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    Female lawyers and lawyers of color have historically not been privy to the rules of the origination credit game, but they can employ various strategies to increase the chances of receiving the credit they are due, such as enlisting allies for support and tracking inequity patterns, says Marianne Trost at The Women Lawyers Coach.

  • SEC's Alleging An Asset Is A Security Does Not Make It So

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    In Audet v. Fraser, a Connecticut federal jury recently disagreed with the U.S. Securities and Exchange Commission's position that so-called hashlets are investment contracts, showing that the SEC's overreach in classifying digital assets, and the complexity of cryptocurrencies, require further guidance and case law to clarify the limits of federal securities law, say Nick Morgan and Ken Herzinger at Paul Hastings.

  • A Real-World Guide To Staying Discovery In Federal Court

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    Pleas for stay of discovery under the Federal Rules of Civil Procedure are often rejected when motions to dismiss are pending due to a tenacious tangle of case law, imposing financial and administrative burdens on parties, but some unambiguous rules of thumb can be gleaned to maximize the chances of a discovery stay, says Amir Shachmurove at Reed Smith.

  • SEC Warning To Crypto Attys Harkens To Prior Crackdowns

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    U.S. Securities and Exchange Commission Chair Gary Gensler recently admonished fintech lawyers who help clients circumvent federal securities laws, which is a throwback to similar warnings to attorneys during the 2018 initial coin offering bonanza and 1990 savings and loan crisis, suggesting those who control access to crypto investors may face increased scrutiny, says cybersecurity consultant John Reed Stark.

  • 2nd Circ. Madoff Ruling Is A Win For Asset Recovery Trustees

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    In the Bernie Madoff investor clawback case, the Second Circuit recently ruled that the inquiry notice standard for considering a transferee's good faith applies in liquidation proceedings, which means Securities Investor Protection Act trustees can now rely on a lesser standard and may face less difficulty surviving a motion to dismiss, say attorneys at Seward & Kissel.

  • Takeaways And Next Steps After FSOC's Climate Risk Report

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    Attorneys at K&L Gates highlight three key conclusions as well as near-term next moves for stakeholders to watch following the Financial Stability Oversight Council's recent report on climate-related financial risk, noting that its progress and gaps will be critical to understanding federal financial regulators' approach to future policies.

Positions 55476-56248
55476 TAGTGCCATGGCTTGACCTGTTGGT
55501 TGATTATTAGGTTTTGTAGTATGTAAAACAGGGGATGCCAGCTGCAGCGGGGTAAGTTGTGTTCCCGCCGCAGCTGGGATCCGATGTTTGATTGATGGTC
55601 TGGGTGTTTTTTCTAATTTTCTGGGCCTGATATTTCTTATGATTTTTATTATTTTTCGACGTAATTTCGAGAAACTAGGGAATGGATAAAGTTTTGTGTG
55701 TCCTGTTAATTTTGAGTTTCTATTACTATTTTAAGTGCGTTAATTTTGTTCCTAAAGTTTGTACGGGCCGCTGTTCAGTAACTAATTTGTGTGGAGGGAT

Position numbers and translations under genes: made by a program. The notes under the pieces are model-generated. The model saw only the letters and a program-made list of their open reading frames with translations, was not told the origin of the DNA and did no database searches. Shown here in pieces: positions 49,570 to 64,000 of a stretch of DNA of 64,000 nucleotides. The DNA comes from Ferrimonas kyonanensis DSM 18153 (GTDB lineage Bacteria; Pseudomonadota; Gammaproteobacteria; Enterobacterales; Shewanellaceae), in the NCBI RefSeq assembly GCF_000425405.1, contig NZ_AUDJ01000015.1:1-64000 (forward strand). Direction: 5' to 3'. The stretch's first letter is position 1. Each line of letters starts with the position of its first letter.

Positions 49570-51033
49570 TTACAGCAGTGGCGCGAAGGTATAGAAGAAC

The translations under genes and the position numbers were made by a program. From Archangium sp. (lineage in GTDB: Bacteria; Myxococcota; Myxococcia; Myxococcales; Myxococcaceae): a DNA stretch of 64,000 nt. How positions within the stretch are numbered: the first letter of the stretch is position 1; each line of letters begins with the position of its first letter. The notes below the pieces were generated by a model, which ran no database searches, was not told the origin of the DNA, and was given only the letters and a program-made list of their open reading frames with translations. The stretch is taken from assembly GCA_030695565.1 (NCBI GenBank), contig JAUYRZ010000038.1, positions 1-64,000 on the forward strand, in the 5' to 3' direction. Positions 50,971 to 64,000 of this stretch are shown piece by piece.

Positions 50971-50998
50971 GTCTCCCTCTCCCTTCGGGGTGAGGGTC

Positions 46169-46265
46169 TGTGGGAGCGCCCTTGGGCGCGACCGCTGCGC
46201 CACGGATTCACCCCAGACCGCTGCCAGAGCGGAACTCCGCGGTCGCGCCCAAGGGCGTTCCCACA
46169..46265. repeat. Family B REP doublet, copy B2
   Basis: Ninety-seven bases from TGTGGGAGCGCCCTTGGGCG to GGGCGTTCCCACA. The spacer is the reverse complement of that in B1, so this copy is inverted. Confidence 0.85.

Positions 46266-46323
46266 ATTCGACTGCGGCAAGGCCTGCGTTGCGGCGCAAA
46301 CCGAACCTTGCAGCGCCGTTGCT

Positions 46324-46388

• 3 Cases Could Influence Electric Vehicle SPAC Litigation

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    Several ongoing lawsuits concerning electric vehicle special purpose acquisition companies could eventually map out liability standards for forward-looking statements on issues such as green energy projections, say attorneys at Quinn Emanuel.

  • Mitigating Inflation's Impact On Commercial Contracts

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    As accelerating inflation threatens to turn many commercial contracts unprofitable for sellers, lessors and lenders, prospects of court relief are slim, but certain contract clauses and revisions can help, says Jonathan Hugg at Schnader Harrison.

  • How DOJ May Beat The White Collar Fraud Clock Post-COVID

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    The U.S. Department of Justice will likely employ creative strategies to try to sidestep the five-year statute of limitations in certain complex white collar matters following widespread delays due to the pandemic, but each method comes with nuances and weaknesses that may allow appropriate challenges from defense counsel, say Michael Harwin at Stearns Weaver and David Chaiken at ChaikenLaw.

  • Heading Into 2022, Fintech Antitrust Strategy Isn't Optional

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    With antitrust regulators expected to continue increased scrutiny of the fintech sector in the new year, strategies to grapple with key data privacy, open access and employment issues represent a crucial part of doing business in 2022, say Thomas Panoff and William McElhaney at Mayer Brown.

  • Heed These Rules, Or Risk Your Argument On Appeal

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    Failing to meet the scattered requirements for appellate preservation can have dire consequences, so litigants must understand the relevant briefing rules, the differences between waiver and forfeiture, and the four components of a pressed argument in order to get their case fully considered on appeal and avoid sanctions or dismissal, says Michael Soyfer at Quinn Emanuel.